Asian stocks ended lower on Thursday as Europe grapples with a second wave of coronavirus infections and data showed business activity in the United States and Europe cooled in September due to new restrictions to quell the virus.
A series of warnings from U.S. Federal Reserve officials also underscored investor worries over the resilience of the economic recovery.
The U.S. economy is recovering very robustly, but we’re still in a deep hole, said Fed Vice Chairman Richard Clarida in an interview on Wednesday.
Federal Reserve Bank of Cleveland President Loretta Mester said the recovery remains narrow and isn’t sustainable.
Federal Reserve Chair Jerome Powell noted that despite progress in rebounding from the coronavirus economic downturn, “there is a long way to go.”
Chinese shares followed Wall Street lower on economic recovery concerns. The benchmark Shanghai Composite Index tumbled 56.53 points, or 1.7 percent, to 3,223.18, while Hong Kong’s Hang Seng Index plunged 431.44 points, or 1.8 percent, to 23,311.07.
Japanese shares fell sharply after data showed the speed of recovery in U.S. business activity slowed in September. Rising Covid-19 infections in Europe coupled with uncertainties surrounding the U.S. presidential elections and the U.S. stimulus package also spooked investors.
The Nikkei 225 Index slumped 258.67 points, or 1.1 percent, to 23,087.82, while the broader Topix closed 1.1 percent lower at 1,626.44.
Steelmakers JFE Holdings and Kobe Steel fell 6.1 percent and 4.3 percent, respectively. Automakers Honda Motor, Nissan Motor and Toyota Motor gave up 2-4 percent.
Sumitomo Mitsui Trust Holdings tumbled 3 percent after reports that it failed to count some postal votes for about 1,000 companies ahead of annual general meetings.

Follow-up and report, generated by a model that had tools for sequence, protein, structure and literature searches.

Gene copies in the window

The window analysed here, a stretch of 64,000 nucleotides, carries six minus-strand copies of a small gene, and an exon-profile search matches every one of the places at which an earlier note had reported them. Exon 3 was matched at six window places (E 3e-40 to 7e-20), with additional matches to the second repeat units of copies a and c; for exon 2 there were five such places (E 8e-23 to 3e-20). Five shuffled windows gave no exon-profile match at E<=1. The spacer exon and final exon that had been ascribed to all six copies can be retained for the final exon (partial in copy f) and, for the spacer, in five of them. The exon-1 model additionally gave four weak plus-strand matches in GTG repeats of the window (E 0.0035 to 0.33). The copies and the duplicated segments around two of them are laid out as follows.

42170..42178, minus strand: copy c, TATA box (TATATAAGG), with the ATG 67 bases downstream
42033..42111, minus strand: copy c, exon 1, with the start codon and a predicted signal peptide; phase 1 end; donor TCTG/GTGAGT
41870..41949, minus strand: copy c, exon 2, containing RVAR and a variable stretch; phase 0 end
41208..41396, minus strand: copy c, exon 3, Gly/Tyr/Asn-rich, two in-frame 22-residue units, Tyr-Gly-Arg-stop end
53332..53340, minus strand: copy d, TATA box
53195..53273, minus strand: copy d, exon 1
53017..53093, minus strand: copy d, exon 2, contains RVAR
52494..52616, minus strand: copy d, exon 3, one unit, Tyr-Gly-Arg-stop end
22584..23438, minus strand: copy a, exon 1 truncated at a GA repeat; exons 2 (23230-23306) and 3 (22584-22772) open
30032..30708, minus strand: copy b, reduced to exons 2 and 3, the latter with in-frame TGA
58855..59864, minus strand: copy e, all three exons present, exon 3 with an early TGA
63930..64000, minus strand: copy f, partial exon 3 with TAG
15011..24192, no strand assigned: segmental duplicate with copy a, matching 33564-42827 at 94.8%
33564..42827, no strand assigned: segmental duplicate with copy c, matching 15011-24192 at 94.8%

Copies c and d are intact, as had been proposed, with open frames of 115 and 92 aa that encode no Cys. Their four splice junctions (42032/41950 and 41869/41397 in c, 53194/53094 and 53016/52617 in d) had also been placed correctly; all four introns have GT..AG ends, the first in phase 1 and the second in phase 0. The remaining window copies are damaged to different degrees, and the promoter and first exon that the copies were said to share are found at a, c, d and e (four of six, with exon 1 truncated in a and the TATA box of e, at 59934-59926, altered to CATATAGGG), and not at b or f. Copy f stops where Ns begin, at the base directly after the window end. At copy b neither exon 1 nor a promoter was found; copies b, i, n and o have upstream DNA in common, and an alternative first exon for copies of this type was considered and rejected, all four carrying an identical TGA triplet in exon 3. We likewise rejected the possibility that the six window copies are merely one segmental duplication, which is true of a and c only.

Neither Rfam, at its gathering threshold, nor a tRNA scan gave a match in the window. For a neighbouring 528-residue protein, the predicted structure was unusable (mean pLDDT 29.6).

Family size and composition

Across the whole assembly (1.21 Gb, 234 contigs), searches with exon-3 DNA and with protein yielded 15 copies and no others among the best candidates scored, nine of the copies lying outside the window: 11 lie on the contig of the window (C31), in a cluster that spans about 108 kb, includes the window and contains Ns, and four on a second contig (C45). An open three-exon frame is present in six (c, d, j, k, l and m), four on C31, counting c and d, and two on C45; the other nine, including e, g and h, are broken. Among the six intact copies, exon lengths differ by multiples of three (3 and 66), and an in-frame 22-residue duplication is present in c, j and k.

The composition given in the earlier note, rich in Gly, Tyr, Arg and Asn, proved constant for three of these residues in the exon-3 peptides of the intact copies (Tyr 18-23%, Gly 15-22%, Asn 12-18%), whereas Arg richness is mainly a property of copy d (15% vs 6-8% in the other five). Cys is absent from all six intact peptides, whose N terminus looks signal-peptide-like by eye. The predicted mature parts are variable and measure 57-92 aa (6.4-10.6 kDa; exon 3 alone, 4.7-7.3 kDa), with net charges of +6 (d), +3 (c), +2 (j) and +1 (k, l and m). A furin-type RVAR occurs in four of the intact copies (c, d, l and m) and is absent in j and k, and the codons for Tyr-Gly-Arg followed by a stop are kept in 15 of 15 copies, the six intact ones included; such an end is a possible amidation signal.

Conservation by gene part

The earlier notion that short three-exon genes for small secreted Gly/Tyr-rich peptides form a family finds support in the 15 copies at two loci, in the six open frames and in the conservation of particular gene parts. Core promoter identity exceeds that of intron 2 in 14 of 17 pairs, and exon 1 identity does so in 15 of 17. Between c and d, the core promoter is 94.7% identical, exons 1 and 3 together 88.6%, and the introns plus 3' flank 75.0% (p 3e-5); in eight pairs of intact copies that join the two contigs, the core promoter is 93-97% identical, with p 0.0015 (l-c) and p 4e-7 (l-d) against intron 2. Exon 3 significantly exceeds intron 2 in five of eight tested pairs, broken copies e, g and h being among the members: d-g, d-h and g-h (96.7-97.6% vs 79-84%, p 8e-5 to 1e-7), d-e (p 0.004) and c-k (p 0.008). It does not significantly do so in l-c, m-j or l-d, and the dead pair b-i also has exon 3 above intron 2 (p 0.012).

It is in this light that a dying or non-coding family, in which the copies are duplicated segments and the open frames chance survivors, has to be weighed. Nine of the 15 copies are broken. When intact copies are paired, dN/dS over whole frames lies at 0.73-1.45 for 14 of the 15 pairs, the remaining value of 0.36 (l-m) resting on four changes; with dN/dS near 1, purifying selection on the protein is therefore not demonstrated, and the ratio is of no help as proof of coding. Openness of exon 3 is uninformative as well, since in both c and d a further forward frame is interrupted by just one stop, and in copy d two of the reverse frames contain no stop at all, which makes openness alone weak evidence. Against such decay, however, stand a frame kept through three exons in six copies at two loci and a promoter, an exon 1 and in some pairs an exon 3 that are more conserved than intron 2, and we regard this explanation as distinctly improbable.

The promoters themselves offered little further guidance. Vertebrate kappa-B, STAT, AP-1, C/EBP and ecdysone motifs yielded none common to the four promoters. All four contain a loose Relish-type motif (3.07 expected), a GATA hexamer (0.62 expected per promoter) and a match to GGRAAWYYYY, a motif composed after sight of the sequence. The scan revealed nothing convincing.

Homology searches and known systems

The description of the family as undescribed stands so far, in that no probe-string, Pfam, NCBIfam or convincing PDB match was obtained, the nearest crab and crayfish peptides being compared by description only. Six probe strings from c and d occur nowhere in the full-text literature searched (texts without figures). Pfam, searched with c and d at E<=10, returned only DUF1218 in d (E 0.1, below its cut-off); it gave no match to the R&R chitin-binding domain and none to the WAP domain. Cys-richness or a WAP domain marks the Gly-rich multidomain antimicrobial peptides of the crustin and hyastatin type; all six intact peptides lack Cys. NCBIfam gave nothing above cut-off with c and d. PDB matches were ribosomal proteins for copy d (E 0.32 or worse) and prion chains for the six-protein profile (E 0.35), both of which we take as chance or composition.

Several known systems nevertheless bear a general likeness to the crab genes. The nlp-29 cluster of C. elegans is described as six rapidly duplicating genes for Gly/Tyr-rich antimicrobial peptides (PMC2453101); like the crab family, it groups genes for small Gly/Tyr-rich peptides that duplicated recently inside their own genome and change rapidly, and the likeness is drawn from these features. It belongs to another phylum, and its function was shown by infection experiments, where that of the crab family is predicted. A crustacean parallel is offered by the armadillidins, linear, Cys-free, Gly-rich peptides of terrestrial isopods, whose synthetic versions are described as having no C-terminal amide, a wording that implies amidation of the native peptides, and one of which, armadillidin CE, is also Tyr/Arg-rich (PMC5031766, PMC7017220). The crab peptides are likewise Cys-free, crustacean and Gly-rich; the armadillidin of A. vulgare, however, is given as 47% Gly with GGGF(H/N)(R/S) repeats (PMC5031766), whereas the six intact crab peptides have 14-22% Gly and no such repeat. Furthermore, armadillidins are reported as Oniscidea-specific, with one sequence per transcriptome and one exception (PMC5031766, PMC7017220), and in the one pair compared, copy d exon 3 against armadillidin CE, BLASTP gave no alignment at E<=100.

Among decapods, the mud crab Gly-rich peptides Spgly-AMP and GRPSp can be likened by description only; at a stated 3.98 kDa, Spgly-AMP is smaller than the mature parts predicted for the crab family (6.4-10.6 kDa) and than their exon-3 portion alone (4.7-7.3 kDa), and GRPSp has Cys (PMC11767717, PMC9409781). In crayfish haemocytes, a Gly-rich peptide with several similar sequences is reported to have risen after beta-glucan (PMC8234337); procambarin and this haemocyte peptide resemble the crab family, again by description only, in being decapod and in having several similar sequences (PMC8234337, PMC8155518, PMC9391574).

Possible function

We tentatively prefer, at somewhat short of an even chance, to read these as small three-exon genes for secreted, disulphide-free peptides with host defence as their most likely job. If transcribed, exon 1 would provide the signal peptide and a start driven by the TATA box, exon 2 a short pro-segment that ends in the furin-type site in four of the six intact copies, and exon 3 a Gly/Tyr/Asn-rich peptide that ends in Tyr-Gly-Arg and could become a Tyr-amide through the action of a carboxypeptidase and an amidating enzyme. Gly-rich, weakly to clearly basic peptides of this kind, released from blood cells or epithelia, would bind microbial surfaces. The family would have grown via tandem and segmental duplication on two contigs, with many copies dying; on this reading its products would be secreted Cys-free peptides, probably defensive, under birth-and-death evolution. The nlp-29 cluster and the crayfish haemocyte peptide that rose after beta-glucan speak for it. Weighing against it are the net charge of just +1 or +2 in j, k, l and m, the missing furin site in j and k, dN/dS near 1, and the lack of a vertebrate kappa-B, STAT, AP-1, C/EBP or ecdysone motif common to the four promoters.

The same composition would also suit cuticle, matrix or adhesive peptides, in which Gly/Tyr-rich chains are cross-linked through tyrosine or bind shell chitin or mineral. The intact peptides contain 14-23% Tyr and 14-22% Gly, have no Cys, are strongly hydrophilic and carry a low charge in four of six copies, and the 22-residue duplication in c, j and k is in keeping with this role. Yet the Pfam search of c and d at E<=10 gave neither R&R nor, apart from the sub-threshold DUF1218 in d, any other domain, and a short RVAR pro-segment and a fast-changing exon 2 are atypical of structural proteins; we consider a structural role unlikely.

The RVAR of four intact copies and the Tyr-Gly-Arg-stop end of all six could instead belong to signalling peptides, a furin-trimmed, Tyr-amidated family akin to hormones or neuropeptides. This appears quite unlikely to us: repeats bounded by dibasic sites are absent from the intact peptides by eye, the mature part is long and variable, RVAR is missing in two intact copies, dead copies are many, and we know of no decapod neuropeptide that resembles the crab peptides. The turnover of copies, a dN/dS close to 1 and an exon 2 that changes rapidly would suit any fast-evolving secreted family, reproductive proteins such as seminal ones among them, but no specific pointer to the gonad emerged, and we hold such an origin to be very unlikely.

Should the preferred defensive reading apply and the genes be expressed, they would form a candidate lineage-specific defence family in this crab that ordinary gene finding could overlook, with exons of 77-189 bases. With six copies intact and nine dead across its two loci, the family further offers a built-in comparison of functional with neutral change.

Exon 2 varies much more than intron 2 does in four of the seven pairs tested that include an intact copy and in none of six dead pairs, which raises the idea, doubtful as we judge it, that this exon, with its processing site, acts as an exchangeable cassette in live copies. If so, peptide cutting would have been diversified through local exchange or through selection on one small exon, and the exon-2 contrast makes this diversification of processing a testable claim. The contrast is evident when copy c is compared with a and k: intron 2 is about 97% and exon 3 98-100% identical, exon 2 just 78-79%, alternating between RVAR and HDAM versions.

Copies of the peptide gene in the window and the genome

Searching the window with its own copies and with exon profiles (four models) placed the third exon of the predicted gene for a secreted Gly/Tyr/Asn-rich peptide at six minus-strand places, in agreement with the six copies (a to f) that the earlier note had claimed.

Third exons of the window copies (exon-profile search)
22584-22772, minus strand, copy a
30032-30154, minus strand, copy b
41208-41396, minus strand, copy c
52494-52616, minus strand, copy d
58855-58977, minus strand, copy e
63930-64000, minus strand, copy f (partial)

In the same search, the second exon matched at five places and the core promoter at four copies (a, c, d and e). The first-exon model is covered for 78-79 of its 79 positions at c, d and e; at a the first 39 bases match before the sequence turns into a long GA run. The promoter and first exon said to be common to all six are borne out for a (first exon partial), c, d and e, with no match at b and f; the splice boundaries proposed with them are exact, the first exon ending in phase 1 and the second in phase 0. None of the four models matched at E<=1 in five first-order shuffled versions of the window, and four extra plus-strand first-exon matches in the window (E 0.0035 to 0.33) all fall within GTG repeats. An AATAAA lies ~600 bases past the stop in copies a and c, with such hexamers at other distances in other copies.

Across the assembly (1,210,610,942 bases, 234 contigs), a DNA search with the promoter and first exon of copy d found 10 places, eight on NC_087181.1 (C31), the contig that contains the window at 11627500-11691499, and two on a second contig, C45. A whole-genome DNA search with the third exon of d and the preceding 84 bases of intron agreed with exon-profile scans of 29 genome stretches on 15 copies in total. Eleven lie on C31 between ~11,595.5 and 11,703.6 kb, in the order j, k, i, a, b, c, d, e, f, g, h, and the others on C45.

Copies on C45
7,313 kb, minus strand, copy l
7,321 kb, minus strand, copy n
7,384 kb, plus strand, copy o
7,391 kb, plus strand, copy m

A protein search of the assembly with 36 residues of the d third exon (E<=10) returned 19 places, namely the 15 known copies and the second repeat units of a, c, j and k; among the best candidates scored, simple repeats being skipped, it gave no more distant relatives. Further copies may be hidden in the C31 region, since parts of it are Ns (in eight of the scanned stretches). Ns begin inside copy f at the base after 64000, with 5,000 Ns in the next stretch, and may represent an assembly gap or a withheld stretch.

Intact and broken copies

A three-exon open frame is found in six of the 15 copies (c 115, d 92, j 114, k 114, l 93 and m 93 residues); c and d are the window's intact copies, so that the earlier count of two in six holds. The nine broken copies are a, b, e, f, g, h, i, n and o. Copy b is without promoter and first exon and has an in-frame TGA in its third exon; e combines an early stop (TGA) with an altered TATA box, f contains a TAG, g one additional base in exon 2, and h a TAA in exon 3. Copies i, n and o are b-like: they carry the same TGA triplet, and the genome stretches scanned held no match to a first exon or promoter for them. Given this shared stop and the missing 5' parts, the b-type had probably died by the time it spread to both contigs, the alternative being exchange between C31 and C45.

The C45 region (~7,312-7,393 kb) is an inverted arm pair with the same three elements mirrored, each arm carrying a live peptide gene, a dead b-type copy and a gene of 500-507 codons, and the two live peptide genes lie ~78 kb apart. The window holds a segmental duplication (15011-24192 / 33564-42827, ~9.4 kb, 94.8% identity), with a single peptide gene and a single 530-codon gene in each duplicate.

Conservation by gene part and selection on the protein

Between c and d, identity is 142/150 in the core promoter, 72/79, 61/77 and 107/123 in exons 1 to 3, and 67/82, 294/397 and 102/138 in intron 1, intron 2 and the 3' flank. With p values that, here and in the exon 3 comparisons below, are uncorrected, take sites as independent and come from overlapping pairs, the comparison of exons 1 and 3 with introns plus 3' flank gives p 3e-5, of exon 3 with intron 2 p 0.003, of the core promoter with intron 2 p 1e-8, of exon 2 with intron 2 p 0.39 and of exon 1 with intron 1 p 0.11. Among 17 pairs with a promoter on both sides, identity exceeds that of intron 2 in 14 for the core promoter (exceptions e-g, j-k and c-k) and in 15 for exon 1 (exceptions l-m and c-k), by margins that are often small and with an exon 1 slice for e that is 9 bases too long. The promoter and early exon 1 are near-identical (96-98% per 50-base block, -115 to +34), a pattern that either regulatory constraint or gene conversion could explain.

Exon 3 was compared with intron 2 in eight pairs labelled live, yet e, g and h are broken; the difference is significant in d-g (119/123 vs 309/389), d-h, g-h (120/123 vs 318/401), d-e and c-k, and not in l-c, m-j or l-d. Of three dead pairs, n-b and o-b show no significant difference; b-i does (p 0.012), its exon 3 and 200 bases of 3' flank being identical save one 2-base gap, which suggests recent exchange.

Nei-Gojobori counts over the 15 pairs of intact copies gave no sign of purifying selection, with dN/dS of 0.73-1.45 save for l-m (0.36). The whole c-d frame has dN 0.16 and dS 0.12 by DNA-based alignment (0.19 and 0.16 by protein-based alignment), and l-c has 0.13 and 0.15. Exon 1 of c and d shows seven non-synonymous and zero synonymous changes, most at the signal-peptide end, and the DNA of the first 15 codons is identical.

Australian stocks fell notably as fresh coronavirus-induced curbs globally dented hopes of a swift economic recovery.
The benchmark S&P/ASX 200 Index dropped 48 points, or 0.8 percent, to 5,875.90 after climbing 2.4 percent in the previous session. The broader All Ordinaries Index ended down 54.80 points, or 0.9 percent, at 6,056.50.
Mining heavyweights BHP and Rio Tinto slipped 0.7 percent and 0.3 percent, respectively. Gold miners Northern Star Resources, Evolution Mining and Newcrest lost 3-5 percent as bullion prices extended losses into a fourth session to hit a more-than-two-month low.
Buy-now-pay-later firm Afterpay slumped 5.8 percent after announcing changes to its executive team. Appen and WiseTech Global fell around 2 percent after U.S. technology stocks suffered massive losses overnight.
Westpac Banking Corp ended little changed with a negative bias after it agreed to pay a A$1.3 billion ($920 million) fine for breaches of money-laundering and counter-terrorism laws. Energy stocks Woodside Petroleum and Santos declined around 2 percent.
Seoul stocks plunged to hit a more than one-month low as hopes of a quick economic recovery faded and tensions on the Korean Peninsula resurfaced. The benchmark Kospi plummeted 60.54 points, or 2.6 percent, to 2,272.70.
Market bellwether Samsung Electronics gave up 1.4 percent, chemical maker LG Chem declined 3 percent, steelmaker POSCO slid 3.6 percent and pharmaceutical firm Samsung Biologics shed 4.5 percent.
New Zealand shares ended off their day’s lows, with the benchmark NZX-50 index closing 14.73 points, or 0.1 percent, lower at 11,689.89 on recessionary fears.
Chorus fell 2.6 percent, Vista Group International lost 2.3 percent and Ebos Group declined 1.9 percent.
New Zealand posted a merchandise trade deficit of NZ$353 million in August, Statistics New Zealand said today in a report. That follows the upwardly revised NZ$447 million trade surplus in July (originally NZ$282 million). Exports were up an annual 8.6 percent, while imports tumbled 16 percent from last year.
U.S. stocks tumbled overnight to close at their lowest levels in well over a month after data showed business activity cooled in September.
The stimulus stalemate in Congress and worries that coronavirus infections could rise also heightened concerns about the economy, with President Donald Trump indicating the U.S. would not follow the U.K.’s lead and implement a second round of lockdowns.
The Dow lost 1.9 percent, the tech-heavy Nasdaq Composite plunged 3 percent and the S&P 500 slumped 2.4 percent.
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